Inside, guests mingled, sipped wine, and nibbled on hors d’oeuvres. SAFE member and numismatist Nathan Elkins welcomed and thanked the guests for coming. After a few words about SAFE and its mission, Nathan introduced Dr. Neil Brodie, one of the two award winners who gave a short talk entitled “Academic Reception of Archaeological Manuscripts.” Afterwards, Dr. Brodie fielded questions from the audience, which turned into a lively debate amongst reception guests themselves!.

Dr. Brodie, an archaeologist whose expertise extends from ancient Britain to the Aegean Sea, was the former director of the Illicit Antiquities Research Centre (IARC) at the University of Cambridge. He is also the author of thirty-nine articles and the co-author or editor of six books. He is currently the Director of Cultural Heritage Research at Stanford University’s Archaeology Center, and one of the leading figures in bringing cultural heritage issues to the public eye.

Afterwards, Cindy introduced the distinguished Dr. Richard Leventhal of the Penn Cultural Heritage Center, who in turn gave an introduction to Dr. Brodie. Dr. Brodie then stepped up to receive his award certificate and say a few words of thanks.
Next, Cindy introduced the equally distinguished Dr. John Malcolm Russell of the Massachusetts College of Art. He provided the introduction to the night’s second award winner, Dr. Donny George. Dr. George, like Dr. Brodie, has devoted a large part of his scholarly career to raising awareness of the problems of looted antiquities. He had a long, notable career as an archaeologist in Iraq before being appointed Director-General of Research and Studies at the Iraq Museum in Baghdad in 2000. In 2003 he witnessed firsthand the catastrophic looting of the Museum, and has since become a voice for the effort to recapture the Museum’s stolen artifacts, and the restitution of cultural property in general. After the introduction, Dr. George came to the podium to receive his award.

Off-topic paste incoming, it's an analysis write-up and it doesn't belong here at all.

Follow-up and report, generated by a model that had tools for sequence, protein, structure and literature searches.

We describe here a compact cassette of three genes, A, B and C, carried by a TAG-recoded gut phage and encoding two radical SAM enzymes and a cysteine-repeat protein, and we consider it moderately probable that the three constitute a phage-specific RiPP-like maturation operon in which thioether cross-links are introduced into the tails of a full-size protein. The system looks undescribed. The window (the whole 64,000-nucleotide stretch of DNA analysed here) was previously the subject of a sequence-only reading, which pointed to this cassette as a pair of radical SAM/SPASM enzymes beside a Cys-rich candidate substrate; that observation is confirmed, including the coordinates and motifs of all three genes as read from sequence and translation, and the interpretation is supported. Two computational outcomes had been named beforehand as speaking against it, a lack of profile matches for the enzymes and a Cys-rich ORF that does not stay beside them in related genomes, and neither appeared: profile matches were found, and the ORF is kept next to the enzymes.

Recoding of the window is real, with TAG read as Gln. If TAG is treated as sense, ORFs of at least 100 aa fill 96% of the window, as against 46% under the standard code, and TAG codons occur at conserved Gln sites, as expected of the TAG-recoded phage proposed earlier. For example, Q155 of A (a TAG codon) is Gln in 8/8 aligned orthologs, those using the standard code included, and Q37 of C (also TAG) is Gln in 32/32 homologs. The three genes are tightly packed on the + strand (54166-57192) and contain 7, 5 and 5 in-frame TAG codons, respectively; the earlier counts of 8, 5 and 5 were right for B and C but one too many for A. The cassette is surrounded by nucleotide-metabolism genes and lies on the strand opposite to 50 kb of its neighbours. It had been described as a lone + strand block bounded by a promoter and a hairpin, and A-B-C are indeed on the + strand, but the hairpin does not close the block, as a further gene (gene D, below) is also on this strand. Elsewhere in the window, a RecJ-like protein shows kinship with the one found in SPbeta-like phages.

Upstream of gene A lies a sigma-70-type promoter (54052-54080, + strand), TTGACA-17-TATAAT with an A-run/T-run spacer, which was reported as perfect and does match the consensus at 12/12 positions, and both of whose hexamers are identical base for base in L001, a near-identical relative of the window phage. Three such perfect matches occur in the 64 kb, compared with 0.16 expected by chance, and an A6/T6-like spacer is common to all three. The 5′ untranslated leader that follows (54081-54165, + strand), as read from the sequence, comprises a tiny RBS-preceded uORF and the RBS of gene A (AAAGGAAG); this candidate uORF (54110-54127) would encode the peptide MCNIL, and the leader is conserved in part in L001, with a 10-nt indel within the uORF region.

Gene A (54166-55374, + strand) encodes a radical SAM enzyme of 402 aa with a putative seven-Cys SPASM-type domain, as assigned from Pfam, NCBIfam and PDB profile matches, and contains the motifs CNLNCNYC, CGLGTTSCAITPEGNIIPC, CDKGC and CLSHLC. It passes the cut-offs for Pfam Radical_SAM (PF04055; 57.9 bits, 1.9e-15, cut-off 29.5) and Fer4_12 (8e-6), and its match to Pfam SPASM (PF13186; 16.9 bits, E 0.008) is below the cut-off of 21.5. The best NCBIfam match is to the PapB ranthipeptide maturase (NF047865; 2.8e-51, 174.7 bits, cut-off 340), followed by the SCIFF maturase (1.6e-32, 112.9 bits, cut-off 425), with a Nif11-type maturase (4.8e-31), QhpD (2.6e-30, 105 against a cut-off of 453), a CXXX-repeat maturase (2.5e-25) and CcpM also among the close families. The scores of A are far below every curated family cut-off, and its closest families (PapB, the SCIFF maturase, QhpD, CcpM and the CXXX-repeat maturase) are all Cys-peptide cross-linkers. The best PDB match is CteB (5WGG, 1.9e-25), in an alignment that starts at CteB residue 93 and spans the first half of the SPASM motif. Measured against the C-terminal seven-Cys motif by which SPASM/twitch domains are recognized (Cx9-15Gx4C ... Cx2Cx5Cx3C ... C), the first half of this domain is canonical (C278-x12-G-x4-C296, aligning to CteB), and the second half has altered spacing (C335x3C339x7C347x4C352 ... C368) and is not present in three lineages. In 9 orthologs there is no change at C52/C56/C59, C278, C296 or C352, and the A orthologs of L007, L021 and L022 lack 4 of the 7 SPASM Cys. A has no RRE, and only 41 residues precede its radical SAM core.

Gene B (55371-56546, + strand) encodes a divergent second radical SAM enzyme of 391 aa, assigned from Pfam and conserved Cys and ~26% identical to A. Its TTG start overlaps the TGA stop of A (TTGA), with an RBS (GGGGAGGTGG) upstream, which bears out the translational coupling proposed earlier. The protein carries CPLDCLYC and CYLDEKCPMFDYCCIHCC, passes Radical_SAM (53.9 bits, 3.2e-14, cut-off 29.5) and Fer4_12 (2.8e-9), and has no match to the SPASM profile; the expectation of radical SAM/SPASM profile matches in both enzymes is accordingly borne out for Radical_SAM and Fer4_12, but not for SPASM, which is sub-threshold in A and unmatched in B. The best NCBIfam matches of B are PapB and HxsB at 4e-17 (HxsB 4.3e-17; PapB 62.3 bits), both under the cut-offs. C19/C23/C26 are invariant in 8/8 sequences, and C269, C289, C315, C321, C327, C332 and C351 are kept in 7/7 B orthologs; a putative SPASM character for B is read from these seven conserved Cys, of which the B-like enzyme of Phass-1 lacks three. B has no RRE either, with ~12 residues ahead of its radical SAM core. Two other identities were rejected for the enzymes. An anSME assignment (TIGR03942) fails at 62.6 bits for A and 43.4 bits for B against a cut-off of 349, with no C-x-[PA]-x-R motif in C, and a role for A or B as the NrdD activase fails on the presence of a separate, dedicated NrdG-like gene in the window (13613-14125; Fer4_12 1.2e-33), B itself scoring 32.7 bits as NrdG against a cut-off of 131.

Guests mingled for the remainder of the evening and took advantage of the chance to talk to the two award winners-and take a few photos with them as well.

Thanks to our sponsors who participated in our Souvenir Journal, and our guests, SAFE volunteers (in Chicago and those who worked behind-the-scene), presenters and award winners, the reception was a great success. SAFE is pleased to honor these two archaeologists, who have done so much to raise awareness of cultural heritage issues. We are also proud that we were able to not only present them with awards, but throw a great party on their behalf!

A round of thanks to all who attended-we hope to see you soon at the next SAFE event.

Thank you for a job well done, SAFE Team Members:
Cynthia Bates, Blythe Bowman, Lilling Choo, Jessica Dietzler, Jessica Facciponti, Nathan Elkins, Keli Liu, Rachel Moland, Marina Papa-Sokal, Sarah Pickman, Genevieve Semple, Therese Rohrbeck, Rebecca Rushfield, Rob Wanner, David Yoon

Chicago was GREAT!!!Sam Paley, SAFE Member and Advisor


Saturday January 5, 2008
Plaza Ballroom B, Hyatt Regency Chicago 151 East Wacker Drive Chicago, llinois

2008 SAFE Beacon Awards souvenir journal

Download souvenir journal here and “like” SAFE Beacon Awards on Facebook.

We thank the following organizations and individuals for their participation in the Souvenir Journal: